Annie joined community members for morning river walks, every Wednesday through Friday. She believes that repetitively spending time with nature opens up our awareness to the healing powers and the rich stories that nature offers. Annie walked and talked with the Root River and cultivated relationships with Lanesboro area residents during that time. Each week had a focus: 1) story-telling 2) poetry in nature 3) developing rituals 4) reflection. Depending on the participants, the walks were about 30-60min and may have included some sort of documentation / writing component.

Public Events

  • A Welcome Discussion & Potluck dinner took place in the upper level studio space of the St. Mane Theatre 6pm – 8pm on Monday, August 7.
  • Annie led an intentional Community River Water Harvest & Painting & Event at Gateway Park from 10am – Noon on Saturday, August 12.
    • Come Early! Annie also participated in a Root River Clean-Up with the Root River Rod Co and the Lanesboro Landscape Improvers from 7am-10am on Saturday, August 12 — meet at the Coffee Street Walking Bridge!
  • A reflective Workshop: The Spirit of the Root River in Words and Color took place in the upper level studio space of the St. Mane Theatre 5pm – 7pm on Thursday, August 17.
  • Annie held meet & greet Open Studio hours in the upper level studio space of the St. Mane Theatre from 4pm-6pm on Thurs. Aug. 24 & Thurs. Aug. 31.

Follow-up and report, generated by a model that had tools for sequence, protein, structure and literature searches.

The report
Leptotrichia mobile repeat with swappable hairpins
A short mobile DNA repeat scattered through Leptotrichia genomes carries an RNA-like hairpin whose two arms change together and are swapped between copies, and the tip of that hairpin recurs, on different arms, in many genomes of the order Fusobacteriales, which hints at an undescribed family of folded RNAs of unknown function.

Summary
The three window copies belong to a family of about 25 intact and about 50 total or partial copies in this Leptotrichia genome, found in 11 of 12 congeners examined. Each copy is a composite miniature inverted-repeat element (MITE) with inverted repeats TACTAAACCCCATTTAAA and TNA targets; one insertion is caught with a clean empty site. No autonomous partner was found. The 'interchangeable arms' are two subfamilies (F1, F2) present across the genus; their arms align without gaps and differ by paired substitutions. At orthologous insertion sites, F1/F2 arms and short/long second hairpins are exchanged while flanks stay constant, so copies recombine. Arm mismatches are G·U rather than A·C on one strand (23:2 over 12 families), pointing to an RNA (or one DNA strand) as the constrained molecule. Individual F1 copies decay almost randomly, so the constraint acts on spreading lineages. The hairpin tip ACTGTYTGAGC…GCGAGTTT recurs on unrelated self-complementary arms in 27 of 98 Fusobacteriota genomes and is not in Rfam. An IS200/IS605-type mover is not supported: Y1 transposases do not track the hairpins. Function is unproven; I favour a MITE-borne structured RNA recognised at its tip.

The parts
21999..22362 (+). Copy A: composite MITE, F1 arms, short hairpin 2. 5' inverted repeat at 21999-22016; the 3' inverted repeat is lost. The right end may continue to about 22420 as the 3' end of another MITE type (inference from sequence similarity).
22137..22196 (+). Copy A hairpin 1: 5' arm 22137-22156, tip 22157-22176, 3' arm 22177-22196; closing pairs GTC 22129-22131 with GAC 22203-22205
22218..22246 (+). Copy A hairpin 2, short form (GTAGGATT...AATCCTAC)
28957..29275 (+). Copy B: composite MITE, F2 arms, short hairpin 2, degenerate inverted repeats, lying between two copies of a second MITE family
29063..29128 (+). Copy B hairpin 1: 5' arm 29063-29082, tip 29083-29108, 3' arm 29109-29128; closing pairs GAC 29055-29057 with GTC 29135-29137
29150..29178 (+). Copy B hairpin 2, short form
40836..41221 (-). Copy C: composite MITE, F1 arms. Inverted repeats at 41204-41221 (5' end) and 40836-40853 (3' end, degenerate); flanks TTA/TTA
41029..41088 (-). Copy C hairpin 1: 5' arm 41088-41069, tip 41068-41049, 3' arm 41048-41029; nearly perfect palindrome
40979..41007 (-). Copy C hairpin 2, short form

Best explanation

• A Capstone Art & Poetry Presentation happened on the Lanesboro Museum’s outdoor porch on Saturday, August 26 from 6pm – 8pm (Rain site tba). Musician and cyclist Ben Weaver will also be performed and shared stories!
    • Annie will be attending the Lanesboro Landscape Improvers Monday evening improvement event at 7pm on Aug. 28, Engstrom garden, 301 Ashburn St. E.
  • An Artist Demonstration and Farewell Discussion was scheduled for Saturday, September 2 from 1pm – 4pm at Lanesboro Arts Gallery.
  • Annie also shared a poem on the August 11 Over the Back Fence Community Variety Show.

“I was raised with simple but consistent values of stewardship: guided to care for a garden in order to eat beautiful food, inspired to dig my hands in the earth to expand my imagination and taught to turn off a faucet so to swim in deep lakes,” Annie shares. While merging those early lessons of conservation and connection to the earth with my current art practice and activism, Annie has saught guidance from women who simultaneously nurture the feminine body and the wild body of Mother Earth. In order to bring ourselves and the planet to health, Annie believes must reconnect with the wilderness. She notes that American poet, Jungian psychoanalyst and post-trauma specialist Dr. Clarissa Pinkola Estés, author of, Women Who Run With the Wolves: Myths and Stories of the Wild Woman Archetype, encourages women to “Go out in the woods, go out. If you don’t go out in the woods nothing will ever happen and your life will never begin.” Annie walks through the woods to get to the Mississippi River, and give thanks to the water as the source of all life.